Saintly silver service

This Saturday we welcome back two Champions League-winning Blues to Stamford Bridge, but Ryan Bertrand and Oriol Romeu are far from the only players to lift silverware for Chelsea and represent Southampton.

While Bertrand was selected as a starter in Munich, becoming the first player to make their Champions League debut in the final, Romeu was an unused substitute as we became the first London side to become champions of Europe.

Both men have since gone on to become an integral part of the Southampton side, so we remind you of a few other former Saints who also helped Chelsea secure silverware.

Peter Sillett

Southampton’s loss was Chelsea’s gain when Ted Drake convinced Peter and his brother John to join the club in 1953. Although he was a solid right-back, it was his prowess from dead-ball situations which established him as a club legend, namely with the penalty which saw off title rivals Wolves on the way to helping the Blues become First Division champions in 1955. Sillett was the club’s highest-scoring defender before being surpassed by John Terry.


David Webb

Following in the footsteps of Sillett, Webb moved from the South Coast to Chelsea and wrote his name in club folklore by scoring a famous goal. This time it was the winner in the 1970 FA Cup final replay, as a gruelling tie with Leeds United was finally settled by the head of our centre-back. He also enjoyed a brief but successful spell as caretaker manager of the Blues, keeping us in the top flight in our maiden Premier League campaign.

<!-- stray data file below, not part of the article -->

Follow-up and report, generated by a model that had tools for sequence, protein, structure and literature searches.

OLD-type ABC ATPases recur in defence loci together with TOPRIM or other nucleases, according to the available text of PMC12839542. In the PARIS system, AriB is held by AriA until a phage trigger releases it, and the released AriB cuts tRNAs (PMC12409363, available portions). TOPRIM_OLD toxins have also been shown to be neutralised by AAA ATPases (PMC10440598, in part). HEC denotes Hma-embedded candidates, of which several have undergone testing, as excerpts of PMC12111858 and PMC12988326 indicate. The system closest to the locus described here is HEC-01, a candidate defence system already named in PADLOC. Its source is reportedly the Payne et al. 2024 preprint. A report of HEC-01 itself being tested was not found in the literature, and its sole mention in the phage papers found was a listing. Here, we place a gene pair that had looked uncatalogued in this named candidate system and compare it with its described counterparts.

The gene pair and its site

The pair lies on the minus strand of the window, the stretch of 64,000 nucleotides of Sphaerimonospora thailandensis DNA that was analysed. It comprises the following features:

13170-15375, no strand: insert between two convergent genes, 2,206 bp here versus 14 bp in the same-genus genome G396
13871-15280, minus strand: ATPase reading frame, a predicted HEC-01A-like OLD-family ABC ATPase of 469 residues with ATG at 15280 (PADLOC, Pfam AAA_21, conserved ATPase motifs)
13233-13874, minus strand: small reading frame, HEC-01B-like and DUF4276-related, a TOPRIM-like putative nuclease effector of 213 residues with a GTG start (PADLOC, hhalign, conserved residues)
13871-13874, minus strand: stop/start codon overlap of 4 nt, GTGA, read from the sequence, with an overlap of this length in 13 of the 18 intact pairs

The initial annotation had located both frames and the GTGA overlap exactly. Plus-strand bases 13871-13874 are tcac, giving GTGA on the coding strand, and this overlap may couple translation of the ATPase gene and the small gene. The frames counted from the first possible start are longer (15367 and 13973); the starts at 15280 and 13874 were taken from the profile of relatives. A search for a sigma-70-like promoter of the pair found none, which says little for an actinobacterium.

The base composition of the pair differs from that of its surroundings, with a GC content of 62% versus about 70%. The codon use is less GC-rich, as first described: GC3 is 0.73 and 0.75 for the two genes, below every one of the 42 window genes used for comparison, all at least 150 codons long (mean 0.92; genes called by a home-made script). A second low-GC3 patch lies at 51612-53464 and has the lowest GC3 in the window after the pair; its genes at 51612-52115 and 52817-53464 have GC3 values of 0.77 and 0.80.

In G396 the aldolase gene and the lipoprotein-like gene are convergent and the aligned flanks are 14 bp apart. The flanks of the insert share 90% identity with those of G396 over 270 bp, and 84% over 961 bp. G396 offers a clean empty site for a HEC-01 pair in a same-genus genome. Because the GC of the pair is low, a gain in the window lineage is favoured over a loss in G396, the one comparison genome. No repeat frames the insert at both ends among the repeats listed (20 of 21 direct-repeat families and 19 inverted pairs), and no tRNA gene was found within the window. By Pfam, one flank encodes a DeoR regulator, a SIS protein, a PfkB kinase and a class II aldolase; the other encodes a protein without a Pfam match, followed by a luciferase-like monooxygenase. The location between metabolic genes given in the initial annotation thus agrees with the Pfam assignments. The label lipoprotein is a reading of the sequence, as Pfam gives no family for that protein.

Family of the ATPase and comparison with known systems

Peter Osgood

The King of Stamford Bridge abdicated his throne in 1974 to head south for The Dell, where he helped the Second Division side shock Manchester United, managed by his old boss Tommy Docherty, to win the FA Cup. That came six years after the graceful centre-forward had won the trophy with Chelsea, having scored in every round, and Ossie was also on target to help the Blues defeat Real Madrid in the Cup Winners’ Cup final.


Dave Beasant

Bes gets a bit of an unfair reputation as an error-prone keeper – and don’t mention the salad cream incident – but for the majority of his time at the Bridge he was an outstanding goalkeeper for the Blues, particularly in the 1989/90 season when the club finished fifth in Division One and lifted the Full Members’ Cup. He joined Southampton from Chelsea in 1993 and won the club’s Player of the Year award three years later.


David Speedie

Speedie followed in the footsteps of Sir Geoff Hurst by firing in a hat-trick at Wembley Stadium as the Blues edged a nine-goal thriller with Manchester City in the Full Members Cup final of 1986. His partnership with Kerry Dixon during the Eighties was so good that Southampton tried to rekindle it years later, but there was no turning back the clock.


Mark Hughes

The Welshman helped bring the glory days back to Stamford Bridge. His classic little and large partnership with Gianfranco Zola was the catalyst for our run to FA Cup glory in 1997, and a year later he scored a brilliant winner against Vicenza to send us into the Cup Winners’ Cup final. That was his last hurrah for the Blues and he moved to the South Coast, where he set the Premier League record for most bookings in a season with 14.